Library Board President Eric Liu said, “Deborah’s legacy is remarkable. With vision, passion and skill, she has helped build one of the nation’s most vibrant and respected public institutions. Deborah leaves us a Seattle Public Library that is strong and ready for its next great chapter. We’re grateful for her decade of service and leadership – and while we will miss her, we’re glad she’ll still be a patron of the Library and a citizen of Seattle.”

Liu said board members will soon develop a plan for how it will choose Jacobs’ successor.
Mayor Greg Nickels said, “Deborah Jacobs has led our Library through a remarkable period of growth and renewal. She understands the important role libraries play in bringing communities together. I wish her the very best as she takes her passion and dedication to a global stage and leaves a lasting legacy.”

Jacobs will begin her work as Deputy Director, Global Libraries for the Bill & Melinda Gates Foundation on Aug. 10, 2008. Global Libraries is a special initiative of the foundation’s Global Development Program. In her new position, Jacobs will lead Global Libraries, which is focused on reducing inequities by expanding and improving public access to technology in libraries.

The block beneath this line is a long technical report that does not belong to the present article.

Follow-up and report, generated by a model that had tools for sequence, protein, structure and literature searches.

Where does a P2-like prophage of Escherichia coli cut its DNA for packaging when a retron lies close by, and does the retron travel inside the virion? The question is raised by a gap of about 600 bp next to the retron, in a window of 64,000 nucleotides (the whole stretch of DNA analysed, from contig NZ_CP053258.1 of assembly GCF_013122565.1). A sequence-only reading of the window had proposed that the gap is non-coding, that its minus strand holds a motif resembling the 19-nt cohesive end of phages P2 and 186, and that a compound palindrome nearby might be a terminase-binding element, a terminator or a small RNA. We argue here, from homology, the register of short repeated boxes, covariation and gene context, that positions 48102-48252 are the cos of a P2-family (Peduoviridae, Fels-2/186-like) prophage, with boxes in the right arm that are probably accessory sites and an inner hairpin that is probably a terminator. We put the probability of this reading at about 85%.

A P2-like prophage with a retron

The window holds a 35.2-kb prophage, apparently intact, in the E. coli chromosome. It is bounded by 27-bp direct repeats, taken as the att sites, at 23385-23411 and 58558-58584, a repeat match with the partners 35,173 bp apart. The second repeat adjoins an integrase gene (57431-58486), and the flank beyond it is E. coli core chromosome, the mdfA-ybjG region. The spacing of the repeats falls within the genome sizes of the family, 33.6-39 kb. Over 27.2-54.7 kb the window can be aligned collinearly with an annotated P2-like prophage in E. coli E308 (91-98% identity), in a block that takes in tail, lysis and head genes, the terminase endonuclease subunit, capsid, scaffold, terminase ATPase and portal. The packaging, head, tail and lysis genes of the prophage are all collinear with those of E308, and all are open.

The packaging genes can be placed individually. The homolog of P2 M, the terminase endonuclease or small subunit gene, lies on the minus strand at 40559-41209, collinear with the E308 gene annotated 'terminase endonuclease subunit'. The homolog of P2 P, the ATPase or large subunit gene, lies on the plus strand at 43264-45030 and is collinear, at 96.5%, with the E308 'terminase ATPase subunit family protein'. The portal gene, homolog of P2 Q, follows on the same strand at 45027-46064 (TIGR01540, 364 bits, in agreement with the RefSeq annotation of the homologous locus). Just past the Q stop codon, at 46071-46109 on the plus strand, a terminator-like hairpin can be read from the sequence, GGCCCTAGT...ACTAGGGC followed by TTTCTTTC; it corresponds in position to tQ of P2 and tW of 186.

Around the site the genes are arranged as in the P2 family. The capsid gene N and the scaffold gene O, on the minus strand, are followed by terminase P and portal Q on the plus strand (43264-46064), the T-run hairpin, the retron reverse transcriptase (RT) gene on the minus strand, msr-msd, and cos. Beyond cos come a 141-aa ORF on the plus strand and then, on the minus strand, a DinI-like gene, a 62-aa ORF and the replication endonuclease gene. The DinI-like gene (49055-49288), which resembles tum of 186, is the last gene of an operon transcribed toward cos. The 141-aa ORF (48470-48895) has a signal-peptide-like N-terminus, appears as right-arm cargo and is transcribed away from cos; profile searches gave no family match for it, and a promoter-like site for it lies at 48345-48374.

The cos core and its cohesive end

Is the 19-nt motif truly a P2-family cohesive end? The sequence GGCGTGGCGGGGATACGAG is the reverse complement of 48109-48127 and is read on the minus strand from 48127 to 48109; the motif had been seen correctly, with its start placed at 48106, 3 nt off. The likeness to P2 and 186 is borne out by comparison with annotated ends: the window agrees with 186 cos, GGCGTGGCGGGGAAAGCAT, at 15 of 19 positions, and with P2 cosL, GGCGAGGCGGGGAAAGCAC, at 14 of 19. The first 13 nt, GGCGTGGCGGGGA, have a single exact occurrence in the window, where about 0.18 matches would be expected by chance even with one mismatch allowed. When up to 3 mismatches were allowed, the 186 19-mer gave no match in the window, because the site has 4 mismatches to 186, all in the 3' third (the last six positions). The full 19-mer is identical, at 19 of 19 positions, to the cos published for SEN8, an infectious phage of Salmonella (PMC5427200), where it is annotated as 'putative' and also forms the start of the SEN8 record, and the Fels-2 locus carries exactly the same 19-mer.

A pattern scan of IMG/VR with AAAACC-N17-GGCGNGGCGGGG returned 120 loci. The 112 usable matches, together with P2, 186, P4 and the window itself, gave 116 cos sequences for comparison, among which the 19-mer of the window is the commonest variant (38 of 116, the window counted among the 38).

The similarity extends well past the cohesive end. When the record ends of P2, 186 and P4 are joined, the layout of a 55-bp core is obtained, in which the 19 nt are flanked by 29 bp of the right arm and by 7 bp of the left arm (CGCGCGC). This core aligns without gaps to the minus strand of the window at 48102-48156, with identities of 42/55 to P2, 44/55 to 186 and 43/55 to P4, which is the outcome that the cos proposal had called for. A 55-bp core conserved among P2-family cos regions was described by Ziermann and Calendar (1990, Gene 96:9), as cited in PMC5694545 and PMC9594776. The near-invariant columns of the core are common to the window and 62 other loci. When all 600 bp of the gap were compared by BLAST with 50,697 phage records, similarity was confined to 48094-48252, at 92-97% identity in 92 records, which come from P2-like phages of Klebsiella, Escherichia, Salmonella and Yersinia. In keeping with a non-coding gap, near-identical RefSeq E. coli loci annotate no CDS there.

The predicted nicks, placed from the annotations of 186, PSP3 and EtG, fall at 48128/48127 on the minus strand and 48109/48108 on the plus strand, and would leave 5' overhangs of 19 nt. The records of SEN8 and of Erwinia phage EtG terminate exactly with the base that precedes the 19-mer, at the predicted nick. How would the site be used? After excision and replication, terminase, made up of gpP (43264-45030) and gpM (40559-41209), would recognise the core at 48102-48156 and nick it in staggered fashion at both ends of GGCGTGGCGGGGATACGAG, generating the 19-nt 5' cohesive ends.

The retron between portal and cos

“Deborah is an outstanding leader who brings tremendous expertise and passion for libraries to the foundation,” said Chip Lyons, Director of Special Initiatives. “She has a deep understanding of the important role libraries play in addressing inequities through free public access to information.”